They’re not saying it explicitly yet, but the inference is clear.
Houston ISD board president Paula Harris said today that raising property taxes, dipping into the district’s savings account and suing the state over school finance inequities are all possibilities.
Harris noted twice that HISD has the lowest tax rate of all school districts in Harris County ($1.1567 per $100 of assessed value). The district also offers a special tax break known as an optional homestead exemption, which reduces the taxable value of homes by 20 percent.
Under a legislative budget proposal, districts with lower tax efforts get cut the deepest.
During a news conference at Pin Oak Middle School this morning, Harris echoed comments she made in February that a local tax increase was a possibility.
“Everything is still on the table,” said Harris, who spoke at the news conference with Houston Federation of Teachers President Gayle Fallon and an HISD parent activist, Sue Deigaard.
Hair Balls noted this as well. Of course, this is what Rick Perry wants the school districts to do. If they all raise their tax rates – quite a few are already at the maximum level, but many of them are like HISD and still have room for a hike – the end result will be that the state will be on the hook for less money. HISD Trustee Harvin Moore has been writing about this and other aspects of the legislative shortchanging of public education, and it’s worth your time to read what he’s been saying. You should also read this op-ed by parent/activist Sue Deigaard.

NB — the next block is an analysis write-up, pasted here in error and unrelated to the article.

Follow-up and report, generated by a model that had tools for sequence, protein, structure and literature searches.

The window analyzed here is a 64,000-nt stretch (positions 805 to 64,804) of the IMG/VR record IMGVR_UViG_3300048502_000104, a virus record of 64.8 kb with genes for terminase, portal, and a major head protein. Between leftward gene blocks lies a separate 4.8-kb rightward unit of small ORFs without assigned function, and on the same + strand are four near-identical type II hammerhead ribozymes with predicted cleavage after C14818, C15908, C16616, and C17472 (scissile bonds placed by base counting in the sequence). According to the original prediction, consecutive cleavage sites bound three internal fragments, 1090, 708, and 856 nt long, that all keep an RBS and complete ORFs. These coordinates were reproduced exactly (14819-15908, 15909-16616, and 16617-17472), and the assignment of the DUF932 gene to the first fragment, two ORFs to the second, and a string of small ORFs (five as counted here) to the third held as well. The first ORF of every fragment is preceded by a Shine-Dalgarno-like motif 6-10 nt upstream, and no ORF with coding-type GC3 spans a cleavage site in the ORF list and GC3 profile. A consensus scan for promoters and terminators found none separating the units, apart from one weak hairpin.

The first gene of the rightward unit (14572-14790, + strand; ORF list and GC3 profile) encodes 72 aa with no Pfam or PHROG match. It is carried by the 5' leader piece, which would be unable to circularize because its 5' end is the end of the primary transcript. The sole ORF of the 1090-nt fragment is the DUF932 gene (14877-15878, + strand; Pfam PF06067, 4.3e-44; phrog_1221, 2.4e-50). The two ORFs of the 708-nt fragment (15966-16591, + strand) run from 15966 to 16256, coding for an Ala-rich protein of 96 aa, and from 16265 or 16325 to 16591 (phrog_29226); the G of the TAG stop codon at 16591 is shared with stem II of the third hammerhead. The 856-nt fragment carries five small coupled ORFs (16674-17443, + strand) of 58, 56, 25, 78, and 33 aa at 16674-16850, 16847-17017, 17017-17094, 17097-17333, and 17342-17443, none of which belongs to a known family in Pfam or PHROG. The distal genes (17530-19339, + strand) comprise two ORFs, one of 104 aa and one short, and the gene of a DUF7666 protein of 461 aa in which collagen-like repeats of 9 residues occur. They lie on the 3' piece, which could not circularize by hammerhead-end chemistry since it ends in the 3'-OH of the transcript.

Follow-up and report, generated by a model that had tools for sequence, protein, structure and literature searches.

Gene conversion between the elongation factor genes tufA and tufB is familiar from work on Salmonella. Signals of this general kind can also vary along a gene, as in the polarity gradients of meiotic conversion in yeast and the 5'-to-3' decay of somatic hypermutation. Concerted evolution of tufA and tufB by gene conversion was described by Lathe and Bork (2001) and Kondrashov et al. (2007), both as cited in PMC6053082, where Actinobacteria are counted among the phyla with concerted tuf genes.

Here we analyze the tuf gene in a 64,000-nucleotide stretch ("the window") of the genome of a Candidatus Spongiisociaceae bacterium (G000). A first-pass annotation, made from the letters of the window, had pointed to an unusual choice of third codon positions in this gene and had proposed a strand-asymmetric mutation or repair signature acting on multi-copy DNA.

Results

There’s one other thing that’s on the table as well: Litigation.
Under the legislative budget proposal, HISD officials say the district faces a loss of $78 million in the upcoming school year and $126 million in 2012-13.
HISD officials had been planning for a state funding shortfall of $160 million in the upcoming year, so the proposal is better than expected. Still, Harris said, that’s no reason to celebrate.
“That’s like someone punching you in the face twice and saying, ‘Be glad we didn’t punch you three times.’”
Asked if HISD would consider joining an expected lawsuit against the state over the school finance system, Harris noted that the district participated in a similar suit years ago.
“I cannot say we would sit this one out,” Harris said.
Pretty much everyone expects there to be a lawsuit. Rick Casey’s column, linked in the excerpt above, spells it out. The only question at this point is how long till the suit is filed. The question of what the State Supreme Court will do with it this time is another matter. I don’t know how much having the facts on our side will count for.